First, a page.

Little Fires Everywhere by Celeste Ng

Summary: Type-A, rules-loving mom clashes with artsy non-conformist.
Review: Thought-provoking family drama; a little preachy.
(Check out my full review here)

Gone Girl by Gillian Flynn

Summary: Wife goes missing; husband is prime suspect.
Review: Intense, freaky thriller with massive twists
(Check out my full review here)

Big Little Lies by Liane Moriarty

Summary: Suburban moms deal with lies, trauma, abuse.
Review: Funny read; darker than it seems.

The Breach by Patrick Lee

Summary: Ex-convict investigates a mysterious rip in reality.
Review: Crazy plot, weird ending, very gory.

Pride and Prejudice by Jane Austen

Summary: Elizabeth Bennett meets Charles Darcy; sparks fly.
Review #1: Hilarious story and characters, beautiful writing.
Review #2: Didn’t expect to love it so much.
Review #3: It is a truth universally acknowledged…
Review #4: I’m converted to the Austen cult.

Kindred by Octavia Butler

Summary: 1970s African-American woman thrown back to Antebellum era.
Review: Perfectly blends sci-fi and historical fiction.
(Check out my full review here)

What Alice Forgot by Liane Moriarty

Summary: Suburban mom loses ten years of memories.
Review: Starts slow; both light-hearted and thought-provoking.
(Check out my full review here)

The Great Alone by Kristin Hannah

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Gone Girl by Gillian Flynn
Published by: Random House on June 5, 2012
Genre: Mystery/suspense
RATING: ★★★★☆
Synopsis: On a warm summer morning in North Carthage, Missouri, it is Nick and Amy Dunne’s fifth wedding anniversary. Presents are being wrapped and reservations are being made when Nick’s clever and beautiful wife disappears. Husband-of-the-Year Nick isn’t doing himself any favors with cringe-worthy daydreams about the slope and shape of his wife’s head, but passages from Amy’s diary reveal the alpha-girl perfectionist could have put anyone dangerously on edge. Under mounting pressure from the police and the media—as well as Amy’s fiercely doting parents—the town golden boy parades an endless series of lies, deceits, and inappropriate behavior. Nick is oddly evasive, and he’s definitely bitter—but is he really a killer?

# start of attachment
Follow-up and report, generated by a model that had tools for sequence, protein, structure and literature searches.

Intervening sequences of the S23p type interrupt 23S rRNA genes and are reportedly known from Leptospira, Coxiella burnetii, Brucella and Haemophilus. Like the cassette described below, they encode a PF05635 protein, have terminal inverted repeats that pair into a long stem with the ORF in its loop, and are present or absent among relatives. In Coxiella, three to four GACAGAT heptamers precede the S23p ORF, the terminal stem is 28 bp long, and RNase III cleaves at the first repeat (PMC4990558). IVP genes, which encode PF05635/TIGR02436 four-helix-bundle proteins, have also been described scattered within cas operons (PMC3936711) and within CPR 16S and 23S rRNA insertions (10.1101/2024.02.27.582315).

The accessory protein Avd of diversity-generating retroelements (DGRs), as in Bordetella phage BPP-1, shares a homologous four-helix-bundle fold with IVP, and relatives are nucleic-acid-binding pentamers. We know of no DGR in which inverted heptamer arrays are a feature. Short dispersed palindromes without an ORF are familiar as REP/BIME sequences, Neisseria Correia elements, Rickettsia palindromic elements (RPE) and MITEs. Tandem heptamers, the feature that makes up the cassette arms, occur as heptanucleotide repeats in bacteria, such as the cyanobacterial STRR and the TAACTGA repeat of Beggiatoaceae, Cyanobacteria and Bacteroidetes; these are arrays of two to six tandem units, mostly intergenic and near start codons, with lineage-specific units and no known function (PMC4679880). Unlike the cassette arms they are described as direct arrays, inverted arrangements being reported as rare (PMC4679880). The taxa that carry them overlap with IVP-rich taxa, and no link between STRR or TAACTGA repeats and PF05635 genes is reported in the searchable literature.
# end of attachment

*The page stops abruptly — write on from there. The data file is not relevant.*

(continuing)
This book was published a while ago (as in six years ago) and has been thoroughly reviewed and lauded by pretty much every book-reader out there, so I’ll admit I’m a little late to the party. Last year I read Girl on the Train and loved the unreliable-narrator device. Later I saw that it had been compared (many, many times) to Gone Girl, so I added that to my to-read list. There it has sat for many months.

Last week I was in one of my thriller-moods when I saw this book on Amazon and decided to finally download a free sample. At the time, I knew exactly 3 things about it:

  1. It centers around a married couple and the wife goes missing.
  2. There’s some kind of huge twist.
  3. Reese Witherspoon’s production company made a movie out of it.

All three sounded pretty good to me so I figured, why not finally see what all the hype is about?

So, on to the actual review (which I’ll try to make as spoiler-free as physically possible).

To be honest, my initial reaction after turning the final page was: What the hell did I just read?

I won’t deny that Gone Girl is an engaging page-turner, but it is NOT a one-sitting kind of book. It definitely helped to read it in chunks, with breaks in between.